From sourcing Chingolo Deli’s Argentinian Beef to Sustainable Content Creation at FEATR Media, Erwan Heussaff knows something about food we’re just starting to discover
Be reminded: Erwan Heussaff is not a chef.
A familiar figure in the realms of entertainment and F&B, you may have seen his face in a suggested cooking video during a session of late-night scrolling. Or a few years ago you may have dined in some of his daring early restaurant ventures around Manila.
Earlier this year, Heussaff was presented the prestigious James Beard Award for his coverage of cuisine in his digital video channel FEATR Media. At present, he is now co-owner of the popular neighborhood spot Chingolo Deli, alongside his brother-in-law Nico Bolzico.
Needless to say, Heussaff’s path to carving his niche in the world of F&B has been far from ordinary. At present, he appears to have finally anchored himself in a career that resonates with both his passions and his expertise—with a grassroots approach that is proving to have a direct, positive impact on localized communities.
Foundations in Food
After high school in the Philippines, Heussaff faced a choice: attend cooking school or enroll in a business course. Despite his love for food, he feared he would develop a distaste for the culinary arts, and decided to take up business in Paris. Fresh out of college, Heussaff unexpectedly landed in Russia, managing various establishments on Sakhalin Island off the coast of Siberia. He also gained hotel industry experience in Hanoi, Bangkok, and Shanghai.
While Heussaff rarely prepared the food to be served himself, he had gained knowledge of the ins and outs of the food service industry. So it was no surprise when he returned to the Philippines to venture into the local FNB scene.
You may recall the sprawling Rockwell cafe Hatch 22 or other ventures like Pink Panda, Crisp, The Red Light, Sabao, Sprout, Niner Ichi Nana, and multiple concepts at The Palace complex. At one point in 2014, Heussaff was managing up to ten restaurants.
Since then, what has Erwan Heussaff been up to?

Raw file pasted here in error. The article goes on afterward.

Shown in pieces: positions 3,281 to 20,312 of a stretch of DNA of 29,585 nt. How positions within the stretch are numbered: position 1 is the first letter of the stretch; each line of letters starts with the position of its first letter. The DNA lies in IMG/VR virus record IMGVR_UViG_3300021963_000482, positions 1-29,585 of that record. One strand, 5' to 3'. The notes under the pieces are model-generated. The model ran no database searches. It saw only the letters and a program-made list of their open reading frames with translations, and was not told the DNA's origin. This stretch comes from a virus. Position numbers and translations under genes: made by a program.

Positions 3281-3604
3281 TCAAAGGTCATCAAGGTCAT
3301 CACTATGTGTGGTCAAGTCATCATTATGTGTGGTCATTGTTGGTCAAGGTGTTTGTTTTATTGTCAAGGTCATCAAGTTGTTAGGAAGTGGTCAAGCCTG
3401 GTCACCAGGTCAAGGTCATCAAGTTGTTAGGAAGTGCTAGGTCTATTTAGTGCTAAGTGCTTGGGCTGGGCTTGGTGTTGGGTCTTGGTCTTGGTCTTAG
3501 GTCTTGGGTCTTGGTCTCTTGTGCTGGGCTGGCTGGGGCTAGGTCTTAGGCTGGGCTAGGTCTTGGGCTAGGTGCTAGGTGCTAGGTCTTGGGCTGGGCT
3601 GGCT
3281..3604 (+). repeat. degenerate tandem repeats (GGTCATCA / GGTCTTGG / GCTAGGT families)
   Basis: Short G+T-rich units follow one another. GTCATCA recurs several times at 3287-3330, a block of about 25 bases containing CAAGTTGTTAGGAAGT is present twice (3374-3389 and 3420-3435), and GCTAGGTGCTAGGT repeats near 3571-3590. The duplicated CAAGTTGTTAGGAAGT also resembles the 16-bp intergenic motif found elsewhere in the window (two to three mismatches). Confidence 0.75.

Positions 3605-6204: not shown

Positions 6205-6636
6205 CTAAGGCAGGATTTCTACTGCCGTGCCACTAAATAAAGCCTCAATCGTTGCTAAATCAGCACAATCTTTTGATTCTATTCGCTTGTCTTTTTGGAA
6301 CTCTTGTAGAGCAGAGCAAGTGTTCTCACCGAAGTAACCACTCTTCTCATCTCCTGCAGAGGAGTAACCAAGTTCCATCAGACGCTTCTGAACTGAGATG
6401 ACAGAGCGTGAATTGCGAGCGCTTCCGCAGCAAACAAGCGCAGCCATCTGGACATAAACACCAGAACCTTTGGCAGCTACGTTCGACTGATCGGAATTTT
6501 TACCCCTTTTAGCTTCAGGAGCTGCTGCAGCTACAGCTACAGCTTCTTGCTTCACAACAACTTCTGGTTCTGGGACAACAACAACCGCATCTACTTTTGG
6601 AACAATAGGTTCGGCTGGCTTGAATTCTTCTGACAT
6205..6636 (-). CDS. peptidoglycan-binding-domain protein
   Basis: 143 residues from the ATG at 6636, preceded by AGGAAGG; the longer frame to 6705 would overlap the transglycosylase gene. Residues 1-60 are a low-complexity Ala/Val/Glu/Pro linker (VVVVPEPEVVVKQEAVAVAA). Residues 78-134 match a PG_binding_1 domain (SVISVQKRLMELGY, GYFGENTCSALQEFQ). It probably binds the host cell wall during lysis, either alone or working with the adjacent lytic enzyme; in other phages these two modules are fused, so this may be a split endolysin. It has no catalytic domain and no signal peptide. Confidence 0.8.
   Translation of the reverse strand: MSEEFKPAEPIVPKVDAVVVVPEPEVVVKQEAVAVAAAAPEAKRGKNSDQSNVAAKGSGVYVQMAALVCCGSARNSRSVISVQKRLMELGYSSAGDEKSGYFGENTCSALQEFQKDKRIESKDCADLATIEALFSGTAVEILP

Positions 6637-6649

A few years ago, Wildflour’s Chef Allen Buhay included “Bolzico Beef Tenderloin” on their menu. Heussaff recalls with a laugh, “We didn’t have a brand for it. If you asked any marketing person they would be like, ‘That’s a terrible name!’”.
This grass-fed, ethically raised beef proved to be the benchmark of a new venture for Heussaff and his brother-in-law—the establishment of Chingolo Deli.
Following a transformative trip to Argentina in 2016, Heussaff and Bolzico started importing beef, eventually partnering with a premium Argentine slaughterhouse in 2017. Today, Chingolo Deli, located on Chino Roces Ave., is both a butcher shop and a speakeasy-style restaurant. They offer a wide range of meat products online, along with pasta, sauces, pickles, wine, salts, and other essentials for a steak dinner.
At Chingolo Deli, Simplicity Tastes Like Home
While Heussaff’s first ventures were highly conceptual and experimental, his knowledge of the behind-the-scenes world of a restaurant is undeniable. With a sense of humility, he reflects,
“I think that’s an ego thing in your 20s…. where you want to put so much of yourself into the product that you’re delivering. Whereas here, [in Chingolo Deli] we took ourselves out of it to understand what people want.”
The proprietor tells us the deli is full of regulars, and we can’t help but wonder just what the secret is. When we ask Heussaff, he tells us how the deli brings the experience of a steakhouse closer through menu items that hit close to home. He states,
“I think it was understanding that whether people travel or eat, we’re looking for simplicity. We’re looking for big, comforting flavors even if we don’t know it as comfort food.”
Without a doubt, the menu feels cozy, like soul food—from the well-loved empanada samplers to various burgers (including ribeye and tenderloin options), fresh basil pesto pasta, and a steak Milanesa with sides like garlic parmesan fries and mushroom gratin.
A Sustainable Steak?